The book is filled with gems. There are places where the author talks of tech in the same breath as credit-default swaps, sugar, cigarettes – harmful products that companies had been allowed to peddle to customers, unconstrained by regulations. Himself being a part of the tech industry, asking for more regulations early on in the book shows how serious he is in to rein in the power of companies and directing them towards positive change.
The book touches upon topics like discrimination, Gender Diversity, religious tolerance, Activist CEO, etc..
The story on “dreamforce” the annual conference by sales force came into being and how it now serves a larger purpose of bringing the entire community together and is actually live steamed for those who are not able to make it is pretty inspiring.
There are various anecdotes where the easier option could have been to sit back and do nothing but Marc choose to lead from the front to live the values that he defined for the company. Incidents like Salesforce providing services to the immigration department when they were involved in caging Mexican children leading to an uprising within the company (and Marc was holidaying away from tech) show how vulnerable the CEO gets and the need of being connected all the time.
He talks about achieving absolute clarity on four points –
1. Technology will never stop evolving. In the years to come, Machine learning and artificial intelligence will probably make or break your business
2. We’ve never had a better set of tools to help meet every possible standard of success
3. Customer success depends on every stakeholder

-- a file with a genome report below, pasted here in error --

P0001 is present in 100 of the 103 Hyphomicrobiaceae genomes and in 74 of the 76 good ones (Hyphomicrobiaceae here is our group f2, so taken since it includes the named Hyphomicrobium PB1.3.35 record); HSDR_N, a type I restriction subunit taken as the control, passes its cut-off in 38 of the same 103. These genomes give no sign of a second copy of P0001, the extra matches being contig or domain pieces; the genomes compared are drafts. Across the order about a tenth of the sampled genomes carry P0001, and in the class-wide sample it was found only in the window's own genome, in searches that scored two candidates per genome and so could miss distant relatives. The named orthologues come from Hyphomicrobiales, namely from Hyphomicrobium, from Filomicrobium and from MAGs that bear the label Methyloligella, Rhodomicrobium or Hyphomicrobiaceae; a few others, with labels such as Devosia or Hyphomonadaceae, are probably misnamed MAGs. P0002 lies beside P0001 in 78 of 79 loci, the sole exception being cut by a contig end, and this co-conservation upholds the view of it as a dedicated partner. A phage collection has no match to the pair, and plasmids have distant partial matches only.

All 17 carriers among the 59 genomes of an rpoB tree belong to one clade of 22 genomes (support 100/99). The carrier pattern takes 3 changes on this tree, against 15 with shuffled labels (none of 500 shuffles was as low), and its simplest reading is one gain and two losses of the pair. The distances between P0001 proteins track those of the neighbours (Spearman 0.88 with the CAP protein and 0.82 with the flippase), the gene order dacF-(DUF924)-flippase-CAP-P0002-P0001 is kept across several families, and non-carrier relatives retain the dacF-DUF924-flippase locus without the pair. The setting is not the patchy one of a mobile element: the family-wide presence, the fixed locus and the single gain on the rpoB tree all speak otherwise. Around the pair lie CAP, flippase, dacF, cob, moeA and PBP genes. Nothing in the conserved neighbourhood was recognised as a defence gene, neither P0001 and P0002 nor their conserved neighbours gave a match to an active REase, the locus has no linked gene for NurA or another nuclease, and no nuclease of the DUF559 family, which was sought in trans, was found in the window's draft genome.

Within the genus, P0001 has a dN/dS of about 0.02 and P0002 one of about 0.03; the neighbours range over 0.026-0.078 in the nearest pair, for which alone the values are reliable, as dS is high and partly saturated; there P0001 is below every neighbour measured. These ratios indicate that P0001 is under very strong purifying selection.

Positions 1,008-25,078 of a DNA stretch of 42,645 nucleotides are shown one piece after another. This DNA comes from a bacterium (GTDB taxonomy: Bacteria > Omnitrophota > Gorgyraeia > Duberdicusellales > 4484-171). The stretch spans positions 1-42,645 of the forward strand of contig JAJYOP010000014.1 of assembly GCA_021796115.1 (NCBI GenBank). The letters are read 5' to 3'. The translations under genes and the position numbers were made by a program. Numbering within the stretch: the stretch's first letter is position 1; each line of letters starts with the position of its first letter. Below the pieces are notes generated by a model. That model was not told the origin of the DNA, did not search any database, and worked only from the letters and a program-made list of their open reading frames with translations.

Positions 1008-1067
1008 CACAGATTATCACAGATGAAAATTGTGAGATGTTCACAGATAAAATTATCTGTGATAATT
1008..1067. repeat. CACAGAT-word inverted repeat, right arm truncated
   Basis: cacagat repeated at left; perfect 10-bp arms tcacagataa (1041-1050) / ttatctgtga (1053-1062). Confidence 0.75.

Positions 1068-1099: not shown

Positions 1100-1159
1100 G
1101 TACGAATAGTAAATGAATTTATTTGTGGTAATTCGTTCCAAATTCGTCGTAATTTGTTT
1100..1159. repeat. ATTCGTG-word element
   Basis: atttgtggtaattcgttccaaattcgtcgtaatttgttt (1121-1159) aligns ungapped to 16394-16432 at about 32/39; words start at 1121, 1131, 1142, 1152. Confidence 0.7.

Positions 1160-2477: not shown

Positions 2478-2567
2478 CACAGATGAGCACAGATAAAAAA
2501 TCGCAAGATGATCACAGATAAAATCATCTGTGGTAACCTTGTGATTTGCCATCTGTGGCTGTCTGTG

4. The gap between what customers want from business and what’s actually possible is vanishing rapidly
He also briefly mentions of his interaction with Steve Jobs and how he had given back the name “Appstore” to Steve when he was launching the iPhone. He talks of Steve as a busy man, legendary for his directness, and ability to quickly zero in on what’s important.
He talks of how Steve was playing a hundred chess moves ahead of him leading to the creation of the app store or app exchange that salesforce built. An ecosystem allowing the next game changing innovation to come from a brilliant technologist in silicon valley, or from a novice programmer halfway around the world.
Einstein forecasting is one more innovation he talks of that was built as an internal tool, and is now a hot product. He claims that AI will have more impact than the internet and that we are still in the first innings of this game and that in the coming years more and more innovation will come from humans and machines working together. Machines would do more of the routine repetitive work and the pattern recognition, while humans would spend more time trying to be “mindful and project the future”.
The book ends with the hawaiian concept of Ohana which means family – the shared sense of purpose and meaning. He also stresses on the importance of meditation, his experience with buddhism and the Vietnamese Zen buddhist master Thich Nhat Hanh (he got the idea for salesforce during his retreat to India in Kerala and has also been a disciple of Amma!). The concept of mindfulness is instilled deeply into salesforce culture reflecting in its building design of having a mindful corner on every floor.